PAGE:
These new platforms led to the decline of earlier ones. Microsoft, for instance, started a new OS from scratch, called Windows Phone. Nokia abandoned Symbian and partnered with MS to use Windows Phone on its smartphones. Windows Phone then became the third-most-popular OS. Palm's webOS was bought by Hewlett-Packard and later sold to LG Electronics for use on LG smart TVs. BlackBerry Limited, formerly known as Research In Motion, also made a new platform based on QNX, BlackBerry 10.

    The capacitive touchscreen also had a knock-on effect on smartphone form factors. Before 2007 it was common for devices to have a physical numeric keypad or physical QWERTY keyboard in either a candybar or sliding form factor. However, by 2010, there were no top-selling smartphones with physical keypads.

    Recent technological developments[edit]
    In 2013, the Fairphone company launched its first "socially ethical" smartphone at the London Design Festival to address concerns regarding the sourcing of materials in the manufacturing.[27]
    In late 2013, QSAlpha commenced production of a smartphone designed entirely around security, encryption and identity protection.[28]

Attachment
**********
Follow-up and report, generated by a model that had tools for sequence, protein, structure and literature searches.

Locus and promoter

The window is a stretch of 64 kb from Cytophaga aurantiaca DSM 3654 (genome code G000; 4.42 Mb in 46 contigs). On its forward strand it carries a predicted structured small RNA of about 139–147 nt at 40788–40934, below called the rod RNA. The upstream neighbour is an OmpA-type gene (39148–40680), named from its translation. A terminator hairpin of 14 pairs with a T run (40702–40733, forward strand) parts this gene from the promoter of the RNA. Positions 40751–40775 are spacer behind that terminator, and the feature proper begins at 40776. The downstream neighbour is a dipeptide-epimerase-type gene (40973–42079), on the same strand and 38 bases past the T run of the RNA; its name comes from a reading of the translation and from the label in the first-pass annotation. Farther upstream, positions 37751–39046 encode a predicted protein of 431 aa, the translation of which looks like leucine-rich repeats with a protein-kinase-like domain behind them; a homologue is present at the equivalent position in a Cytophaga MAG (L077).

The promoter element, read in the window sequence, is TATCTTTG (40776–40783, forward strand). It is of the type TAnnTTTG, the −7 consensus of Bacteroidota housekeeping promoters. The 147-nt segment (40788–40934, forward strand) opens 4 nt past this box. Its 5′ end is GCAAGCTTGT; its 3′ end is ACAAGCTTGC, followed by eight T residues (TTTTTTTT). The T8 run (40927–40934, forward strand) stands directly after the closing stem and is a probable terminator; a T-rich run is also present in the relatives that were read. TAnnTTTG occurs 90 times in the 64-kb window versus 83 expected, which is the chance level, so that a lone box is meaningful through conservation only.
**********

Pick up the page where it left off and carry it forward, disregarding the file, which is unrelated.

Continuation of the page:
In December 2013, the world's first curved OLED technology smartphones were introduced to the retail market with the sale of the Samsung Galaxy Round and LG G Flex models.[29] Samsung phones with more bends and folds in the screens were expected in 2014.[30]
    In early 2014, smartphones were beginning to use Quad HD (2K) 2560x1440 on 5.5" screens with up to 534 PPI on devices such as the LG G3 which is a significant improvement over Apple's Retina Display. Quad HD is used in advanced televisions and computer monitors, but with 110 ppi or less on such larger displays.[31]
    As of 2014, Wi-Fi networks were much used for smartphones. As ...
  4. Account suspended
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    22 Dec '15 23:28
    Originally posted by HandyAndy
    A smartphone is a mobile phone with an advanced mobile operating system which combines features of a personal computer operating system with other features useful for mobile or handheld use.[1][2][3] They typically combine the features of a cell phone with those of other popular mobile devices, such as personal digital assistant (PDA), media player and GPS ...[text shortened]... on such larger displays.[31]